Chemical composition and phytotoxicity of volatile essential oil from intact and fallen leaves of Eucalyptus citriodora

Z Naturforsch C J Biosci. Jul-Aug 2006;61(7-8):465-71. doi: 10.1515/znc-2006-7-801.

Abstract

A total of 23 volatile constituents was identified and characterized by GC and GC-MS in the volatile essential oil extracted from intact (juvenile and adult) and fallen (senescent and leaf litter) leaves of lemon-scented eucalyptus (Eucalyptus citriodora Hook.). The leaves differed in their pigment, water and protein content, and C/N ratio. The oils were, in general, monoterpenoid in nature with 18 monoterpenes and 5 sesquiterpenes. However, a great variability in the amount of essential oils and their individual constituents was observed in different leaf tissues. The amount was maximum in the senescent leaves collected from the floor of the tree closely followed by that from juvenile leaves. In all, 19 constituents were identified in oil from juvenile and senescent leaves compared to 23 in adult leaves and 20 in leaf litter, respectively. Citronellal, a characteristic monoterpene of the oil reported hitherto was found to be more (77-78%) in the juvenile and senescent leaves compared to 48 and 54%, respectively, in the adult leaves and leaf litter. In the adult leaves, however, the content of citronellol--another important monoterpene-- was very high (21.9%) compared to other leaf types (7.8-12.2%). Essential oil and its two major monoterpenes viz. citronellal and citronellol were tested for their phytotoxicity against two weeds (Amaranthus viridis and Echinochloa crus-galli) and two crops (Triticum aestivum and Oryza sativa) under laboratory conditions. A difference in the phytotoxicity, measured in terms of seedling length and dry weight, of oil from different leaves and major monoterpenes was observed. Oil from adult leaves was found to be most phytotoxic although it occurs in smaller amount (on unit weight basis). The different toxicity of different oil types was due to the relative amount of individual monoterpenes present in the oil, their solubility and interactive action. The study concludes that oil from senescent and juvenile leaves being rich in citronellal could be used as commercial source of citronellal whereas that from adult leaves for weed management programmes as it was the most phytotoxic.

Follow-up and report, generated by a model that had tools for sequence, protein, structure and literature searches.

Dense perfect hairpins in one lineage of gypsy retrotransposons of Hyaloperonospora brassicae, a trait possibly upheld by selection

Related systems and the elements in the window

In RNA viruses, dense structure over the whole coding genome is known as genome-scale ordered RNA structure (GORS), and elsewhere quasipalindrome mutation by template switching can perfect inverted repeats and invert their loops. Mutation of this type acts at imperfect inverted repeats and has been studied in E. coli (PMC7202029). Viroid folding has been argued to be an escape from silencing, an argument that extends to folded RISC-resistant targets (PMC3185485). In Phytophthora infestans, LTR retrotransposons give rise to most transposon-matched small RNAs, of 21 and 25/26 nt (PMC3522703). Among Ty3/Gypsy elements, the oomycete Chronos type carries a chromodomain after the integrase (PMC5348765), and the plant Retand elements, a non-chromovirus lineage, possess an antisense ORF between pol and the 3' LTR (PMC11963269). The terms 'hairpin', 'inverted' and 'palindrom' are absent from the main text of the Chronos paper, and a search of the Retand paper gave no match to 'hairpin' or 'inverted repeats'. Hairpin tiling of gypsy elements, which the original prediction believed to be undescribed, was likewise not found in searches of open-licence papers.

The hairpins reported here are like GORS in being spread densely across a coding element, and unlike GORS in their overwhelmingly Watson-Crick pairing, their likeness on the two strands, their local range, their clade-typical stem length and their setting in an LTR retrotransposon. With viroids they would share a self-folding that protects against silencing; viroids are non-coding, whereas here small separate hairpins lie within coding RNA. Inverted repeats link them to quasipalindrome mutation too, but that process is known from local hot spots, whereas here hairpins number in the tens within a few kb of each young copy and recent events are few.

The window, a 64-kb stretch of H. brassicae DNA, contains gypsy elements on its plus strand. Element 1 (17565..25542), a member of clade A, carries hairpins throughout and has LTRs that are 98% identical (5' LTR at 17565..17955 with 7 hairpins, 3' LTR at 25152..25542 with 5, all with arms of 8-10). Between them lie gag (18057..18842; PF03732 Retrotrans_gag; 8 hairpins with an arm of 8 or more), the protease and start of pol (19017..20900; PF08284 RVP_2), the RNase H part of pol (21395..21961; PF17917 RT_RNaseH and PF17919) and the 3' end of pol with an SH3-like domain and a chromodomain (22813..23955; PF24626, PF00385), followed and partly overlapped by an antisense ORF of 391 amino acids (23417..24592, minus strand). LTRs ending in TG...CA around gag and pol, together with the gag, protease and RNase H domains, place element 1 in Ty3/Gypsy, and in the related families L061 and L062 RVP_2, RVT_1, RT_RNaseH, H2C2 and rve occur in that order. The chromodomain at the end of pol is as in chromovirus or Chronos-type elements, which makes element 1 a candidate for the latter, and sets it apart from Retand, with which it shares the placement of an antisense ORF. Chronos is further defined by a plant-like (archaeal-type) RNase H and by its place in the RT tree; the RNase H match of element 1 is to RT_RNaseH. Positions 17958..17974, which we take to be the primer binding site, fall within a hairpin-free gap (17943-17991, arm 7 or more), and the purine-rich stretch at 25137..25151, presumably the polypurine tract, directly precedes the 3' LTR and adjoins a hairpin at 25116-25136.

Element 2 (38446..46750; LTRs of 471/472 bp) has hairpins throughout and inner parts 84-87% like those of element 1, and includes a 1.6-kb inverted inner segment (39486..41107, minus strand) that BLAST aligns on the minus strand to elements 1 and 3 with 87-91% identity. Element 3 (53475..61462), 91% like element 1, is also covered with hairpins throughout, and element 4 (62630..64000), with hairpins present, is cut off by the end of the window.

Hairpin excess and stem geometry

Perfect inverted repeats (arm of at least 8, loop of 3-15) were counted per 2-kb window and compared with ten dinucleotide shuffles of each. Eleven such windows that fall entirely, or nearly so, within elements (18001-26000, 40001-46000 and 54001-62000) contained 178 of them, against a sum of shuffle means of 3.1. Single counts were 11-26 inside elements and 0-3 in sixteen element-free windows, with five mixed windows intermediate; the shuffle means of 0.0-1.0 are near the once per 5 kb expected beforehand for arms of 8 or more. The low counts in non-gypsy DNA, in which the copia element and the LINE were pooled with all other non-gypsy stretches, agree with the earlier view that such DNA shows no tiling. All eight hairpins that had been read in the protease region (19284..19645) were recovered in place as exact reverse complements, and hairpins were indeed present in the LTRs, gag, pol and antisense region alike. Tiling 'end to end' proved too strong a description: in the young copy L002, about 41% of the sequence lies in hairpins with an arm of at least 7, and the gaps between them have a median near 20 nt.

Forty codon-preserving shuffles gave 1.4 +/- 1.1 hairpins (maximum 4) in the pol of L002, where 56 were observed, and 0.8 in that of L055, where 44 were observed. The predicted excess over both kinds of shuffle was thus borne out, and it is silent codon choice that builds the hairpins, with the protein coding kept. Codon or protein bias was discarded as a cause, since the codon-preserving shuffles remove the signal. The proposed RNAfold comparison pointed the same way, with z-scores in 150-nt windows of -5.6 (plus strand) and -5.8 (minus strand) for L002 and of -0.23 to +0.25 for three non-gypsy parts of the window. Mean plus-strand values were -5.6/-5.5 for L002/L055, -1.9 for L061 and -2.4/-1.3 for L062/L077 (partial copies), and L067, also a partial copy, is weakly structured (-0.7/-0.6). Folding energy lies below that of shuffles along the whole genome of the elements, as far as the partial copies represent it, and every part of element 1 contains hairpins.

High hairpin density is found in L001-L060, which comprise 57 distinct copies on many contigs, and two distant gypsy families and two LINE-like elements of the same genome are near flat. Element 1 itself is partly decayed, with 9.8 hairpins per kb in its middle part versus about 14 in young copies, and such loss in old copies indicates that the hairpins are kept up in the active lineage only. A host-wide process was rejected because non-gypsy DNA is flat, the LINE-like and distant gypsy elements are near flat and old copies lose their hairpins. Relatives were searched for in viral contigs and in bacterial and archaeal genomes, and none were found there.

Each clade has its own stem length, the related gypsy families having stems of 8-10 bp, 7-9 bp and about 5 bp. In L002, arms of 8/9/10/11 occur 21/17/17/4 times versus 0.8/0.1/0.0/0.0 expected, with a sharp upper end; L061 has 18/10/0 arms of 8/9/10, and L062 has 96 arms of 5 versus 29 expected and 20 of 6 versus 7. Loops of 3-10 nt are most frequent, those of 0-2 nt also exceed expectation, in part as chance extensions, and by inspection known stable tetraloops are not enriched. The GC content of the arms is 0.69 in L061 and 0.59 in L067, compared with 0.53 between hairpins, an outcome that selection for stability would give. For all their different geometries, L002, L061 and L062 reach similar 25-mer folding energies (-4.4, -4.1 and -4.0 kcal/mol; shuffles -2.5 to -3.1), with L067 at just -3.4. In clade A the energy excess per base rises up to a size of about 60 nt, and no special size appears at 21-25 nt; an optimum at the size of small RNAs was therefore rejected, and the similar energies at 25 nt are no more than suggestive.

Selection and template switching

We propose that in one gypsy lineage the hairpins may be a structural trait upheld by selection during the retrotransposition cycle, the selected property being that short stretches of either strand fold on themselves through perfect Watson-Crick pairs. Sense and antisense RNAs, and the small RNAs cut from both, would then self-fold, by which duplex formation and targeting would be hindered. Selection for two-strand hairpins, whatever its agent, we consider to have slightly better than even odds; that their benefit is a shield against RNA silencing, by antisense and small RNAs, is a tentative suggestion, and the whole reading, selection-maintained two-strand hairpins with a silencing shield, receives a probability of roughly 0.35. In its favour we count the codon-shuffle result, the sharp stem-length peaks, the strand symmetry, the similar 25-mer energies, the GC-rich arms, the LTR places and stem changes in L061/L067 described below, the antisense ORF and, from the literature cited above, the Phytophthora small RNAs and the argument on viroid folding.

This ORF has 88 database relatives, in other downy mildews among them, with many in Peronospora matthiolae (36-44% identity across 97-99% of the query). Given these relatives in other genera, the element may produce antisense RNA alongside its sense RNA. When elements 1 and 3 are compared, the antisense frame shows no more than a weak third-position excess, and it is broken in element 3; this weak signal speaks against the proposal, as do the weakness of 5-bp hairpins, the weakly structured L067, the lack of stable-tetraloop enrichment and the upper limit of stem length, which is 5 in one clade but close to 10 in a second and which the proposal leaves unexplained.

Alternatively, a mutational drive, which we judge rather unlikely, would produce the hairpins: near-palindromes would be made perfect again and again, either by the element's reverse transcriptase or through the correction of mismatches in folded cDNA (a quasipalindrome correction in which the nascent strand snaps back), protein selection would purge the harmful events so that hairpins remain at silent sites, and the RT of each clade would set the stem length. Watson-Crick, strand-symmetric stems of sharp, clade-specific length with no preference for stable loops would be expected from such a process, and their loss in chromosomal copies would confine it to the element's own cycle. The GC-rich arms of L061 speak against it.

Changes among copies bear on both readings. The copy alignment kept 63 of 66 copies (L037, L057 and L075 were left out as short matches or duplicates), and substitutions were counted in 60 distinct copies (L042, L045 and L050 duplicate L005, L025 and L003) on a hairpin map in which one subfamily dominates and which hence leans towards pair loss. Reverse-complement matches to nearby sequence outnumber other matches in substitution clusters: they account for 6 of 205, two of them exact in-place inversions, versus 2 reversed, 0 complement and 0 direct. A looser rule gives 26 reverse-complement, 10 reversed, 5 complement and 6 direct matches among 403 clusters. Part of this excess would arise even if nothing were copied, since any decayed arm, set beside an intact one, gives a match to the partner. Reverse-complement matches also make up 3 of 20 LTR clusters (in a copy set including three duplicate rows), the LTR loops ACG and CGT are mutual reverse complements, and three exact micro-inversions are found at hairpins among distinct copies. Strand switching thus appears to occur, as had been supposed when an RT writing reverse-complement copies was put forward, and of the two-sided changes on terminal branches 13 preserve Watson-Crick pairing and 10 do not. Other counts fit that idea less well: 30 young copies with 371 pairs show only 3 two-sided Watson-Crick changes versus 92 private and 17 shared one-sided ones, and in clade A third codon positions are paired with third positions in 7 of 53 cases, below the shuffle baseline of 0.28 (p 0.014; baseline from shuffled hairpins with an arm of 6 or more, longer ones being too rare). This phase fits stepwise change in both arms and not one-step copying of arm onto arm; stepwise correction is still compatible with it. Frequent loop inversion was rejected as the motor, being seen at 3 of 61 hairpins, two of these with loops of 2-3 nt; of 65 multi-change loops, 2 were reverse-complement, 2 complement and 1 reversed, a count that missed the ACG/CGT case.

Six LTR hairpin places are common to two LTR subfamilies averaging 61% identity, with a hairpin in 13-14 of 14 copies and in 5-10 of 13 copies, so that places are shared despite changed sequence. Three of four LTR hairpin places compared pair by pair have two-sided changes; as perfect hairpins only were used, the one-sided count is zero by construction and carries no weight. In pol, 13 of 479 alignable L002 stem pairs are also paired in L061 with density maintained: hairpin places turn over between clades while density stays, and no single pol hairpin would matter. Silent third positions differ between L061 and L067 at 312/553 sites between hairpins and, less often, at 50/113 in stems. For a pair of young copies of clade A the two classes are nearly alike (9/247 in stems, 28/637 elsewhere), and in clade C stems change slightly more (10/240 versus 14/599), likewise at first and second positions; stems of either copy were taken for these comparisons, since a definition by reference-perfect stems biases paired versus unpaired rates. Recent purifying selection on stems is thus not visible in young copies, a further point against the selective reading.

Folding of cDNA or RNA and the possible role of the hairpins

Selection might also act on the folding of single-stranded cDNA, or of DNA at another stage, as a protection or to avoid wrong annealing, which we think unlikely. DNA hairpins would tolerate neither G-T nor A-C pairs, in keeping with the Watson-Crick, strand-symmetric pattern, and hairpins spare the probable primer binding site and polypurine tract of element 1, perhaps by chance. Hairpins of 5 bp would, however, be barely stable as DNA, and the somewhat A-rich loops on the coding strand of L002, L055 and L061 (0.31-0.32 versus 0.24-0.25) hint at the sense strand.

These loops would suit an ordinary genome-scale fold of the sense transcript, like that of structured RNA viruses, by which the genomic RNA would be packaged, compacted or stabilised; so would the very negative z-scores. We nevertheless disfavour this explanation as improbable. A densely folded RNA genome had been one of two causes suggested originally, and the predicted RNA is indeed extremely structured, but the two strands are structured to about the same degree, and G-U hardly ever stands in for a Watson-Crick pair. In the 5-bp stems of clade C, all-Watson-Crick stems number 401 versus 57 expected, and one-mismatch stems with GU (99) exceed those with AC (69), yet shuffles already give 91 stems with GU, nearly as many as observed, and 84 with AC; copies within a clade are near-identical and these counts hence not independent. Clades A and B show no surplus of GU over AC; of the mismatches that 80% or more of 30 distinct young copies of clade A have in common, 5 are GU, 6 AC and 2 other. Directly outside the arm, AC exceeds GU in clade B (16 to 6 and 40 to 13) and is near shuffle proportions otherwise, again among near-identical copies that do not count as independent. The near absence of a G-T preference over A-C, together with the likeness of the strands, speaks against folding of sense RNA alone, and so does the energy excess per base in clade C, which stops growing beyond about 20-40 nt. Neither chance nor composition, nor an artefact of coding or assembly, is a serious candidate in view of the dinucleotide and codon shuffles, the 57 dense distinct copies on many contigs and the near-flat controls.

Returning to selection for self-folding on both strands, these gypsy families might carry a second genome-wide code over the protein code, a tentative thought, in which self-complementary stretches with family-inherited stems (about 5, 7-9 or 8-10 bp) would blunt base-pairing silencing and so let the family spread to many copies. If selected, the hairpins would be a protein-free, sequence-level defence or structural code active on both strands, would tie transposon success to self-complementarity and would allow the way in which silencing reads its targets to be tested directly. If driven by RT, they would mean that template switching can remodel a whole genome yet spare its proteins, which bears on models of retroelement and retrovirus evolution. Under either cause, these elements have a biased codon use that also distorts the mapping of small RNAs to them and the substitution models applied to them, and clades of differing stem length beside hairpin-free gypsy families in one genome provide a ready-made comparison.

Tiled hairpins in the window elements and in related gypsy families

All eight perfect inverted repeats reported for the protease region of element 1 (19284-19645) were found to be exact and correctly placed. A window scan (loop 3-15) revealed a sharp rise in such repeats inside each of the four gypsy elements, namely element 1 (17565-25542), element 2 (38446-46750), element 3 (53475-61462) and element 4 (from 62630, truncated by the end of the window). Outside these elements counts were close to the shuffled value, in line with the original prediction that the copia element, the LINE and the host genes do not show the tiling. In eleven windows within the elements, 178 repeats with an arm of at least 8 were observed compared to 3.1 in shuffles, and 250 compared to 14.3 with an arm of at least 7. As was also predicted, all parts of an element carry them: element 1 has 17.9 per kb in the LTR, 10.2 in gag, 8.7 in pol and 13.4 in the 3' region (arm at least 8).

Publication types

  • Research Support, Non-U.S. Gov't

MeSH terms

  • Aging
  • Chromatography, Gas
  • Cymbopogon / toxicity
  • Eucalyptus / chemistry*
  • Oils, Volatile / chemistry*
  • Oils, Volatile / isolation & purification
  • Oils, Volatile / toxicity*
  • Oryza / drug effects
  • Oryza / growth & development
  • Plant Leaves / chemistry*
  • Plant Leaves / growth & development
  • Poaceae / drug effects
  • Poaceae / growth & development
  • Triticum / drug effects
  • Triticum / growth & development*

Substances

  • Oils, Volatile